5. Maine Coons were first mentioned in a literary work in 1861

F.R. Pierce was a huge Maine Coon fan who owned several of them. He wrote a chapter for “The Book of the Cat” about the breed.

6. The very first cat show in the U.S. was in 1985

A Maine Coon cat named “Cosey” won the first cat show.

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Does a Tortie Maine Coon Cat Make a Good Pet?

Yes, Tortie Maine Coon cats make fantastic pets! They’re gentle, loving, and good-natured, and they have a tendency to form strong bonds with their humans. They’re also relatively low maintenance when it comes to grooming, though their thick fur does require extra TLC.

Maine Coons also have their quirks. Unlike with other cat breeds, expect your Tortie to love water! They’ll jump on any chance to play with it, whether that’s swatting at a running sink, dipping their paws into their water bowls, or trying to join you in the shower.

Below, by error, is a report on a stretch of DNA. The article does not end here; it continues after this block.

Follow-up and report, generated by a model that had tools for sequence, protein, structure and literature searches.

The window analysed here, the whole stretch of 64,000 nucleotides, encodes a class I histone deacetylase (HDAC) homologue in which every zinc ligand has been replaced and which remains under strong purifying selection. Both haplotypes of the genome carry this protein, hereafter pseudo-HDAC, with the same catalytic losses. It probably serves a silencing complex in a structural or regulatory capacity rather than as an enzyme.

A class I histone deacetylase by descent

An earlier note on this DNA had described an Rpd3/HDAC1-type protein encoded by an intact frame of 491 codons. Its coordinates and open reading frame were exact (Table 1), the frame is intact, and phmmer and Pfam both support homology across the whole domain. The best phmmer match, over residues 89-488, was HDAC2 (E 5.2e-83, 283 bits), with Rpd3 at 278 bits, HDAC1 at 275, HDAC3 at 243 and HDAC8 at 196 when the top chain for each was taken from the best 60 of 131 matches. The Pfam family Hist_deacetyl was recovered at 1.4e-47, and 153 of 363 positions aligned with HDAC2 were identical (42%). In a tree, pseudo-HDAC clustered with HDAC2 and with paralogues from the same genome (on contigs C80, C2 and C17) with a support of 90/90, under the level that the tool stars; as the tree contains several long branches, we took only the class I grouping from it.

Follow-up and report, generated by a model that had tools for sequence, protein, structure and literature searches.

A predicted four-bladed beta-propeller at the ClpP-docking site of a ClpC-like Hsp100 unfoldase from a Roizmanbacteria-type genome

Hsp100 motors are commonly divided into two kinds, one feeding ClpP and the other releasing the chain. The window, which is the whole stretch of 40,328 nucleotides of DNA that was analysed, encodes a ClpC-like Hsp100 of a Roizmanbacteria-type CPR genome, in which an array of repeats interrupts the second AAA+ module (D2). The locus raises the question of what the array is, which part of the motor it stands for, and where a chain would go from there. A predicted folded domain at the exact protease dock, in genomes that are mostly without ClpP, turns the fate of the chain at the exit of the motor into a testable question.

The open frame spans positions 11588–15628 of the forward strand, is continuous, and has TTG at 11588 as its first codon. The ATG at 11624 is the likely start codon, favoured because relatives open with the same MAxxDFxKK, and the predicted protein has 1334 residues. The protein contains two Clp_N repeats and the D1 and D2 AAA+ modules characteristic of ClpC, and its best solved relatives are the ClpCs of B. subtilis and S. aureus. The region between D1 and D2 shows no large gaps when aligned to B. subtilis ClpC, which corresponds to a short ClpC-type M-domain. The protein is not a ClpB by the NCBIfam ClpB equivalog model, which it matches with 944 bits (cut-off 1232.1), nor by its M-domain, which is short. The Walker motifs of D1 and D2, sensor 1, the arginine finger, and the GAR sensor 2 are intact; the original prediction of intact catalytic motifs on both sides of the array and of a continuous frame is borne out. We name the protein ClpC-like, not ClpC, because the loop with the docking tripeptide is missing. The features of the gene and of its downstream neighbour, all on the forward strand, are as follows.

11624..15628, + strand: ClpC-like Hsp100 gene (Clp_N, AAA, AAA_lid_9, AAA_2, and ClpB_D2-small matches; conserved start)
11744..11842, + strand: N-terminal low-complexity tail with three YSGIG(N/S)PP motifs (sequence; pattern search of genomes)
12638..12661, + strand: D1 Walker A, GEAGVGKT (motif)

They’re highly intelligent and receptive to training, to the point that they’ve built a reputation for being dog-like. They’ll play fetch, walk on a leash, and even come when called—though they might not always do what you want them to.

Speaking of which, Tortie Maine Coons also have a bit of a mischievous side. They’re known for being “talkative,” and they love to play games that involve hiding and stalking. So, if you’re looking for a low-key lap cat, a Tortie Maine Coon might not be the best choice.

But if you’re okay with a bit of lighthearted chaos and you’re looking for a furry friend that will become a true member of the family, a Tortie Maine Coon is definitely the cat for you!

portrait of a tortie maine coon kitten
Image Credit: Nynke van Holten, Shutterstock

divider-catclaw1 Conclusion

It’s hard to resist the Tortie Maine Coon’s fascinating history, amazing looks, and winning personality. If you’re looking for a fun-loving, intelligent, and devoted pet, this might just be the breed you’re looking for. Just be prepared for lots of cuddles, water play, and general hijinks!

Featured Image Credit: Lana Kud, Shutterstock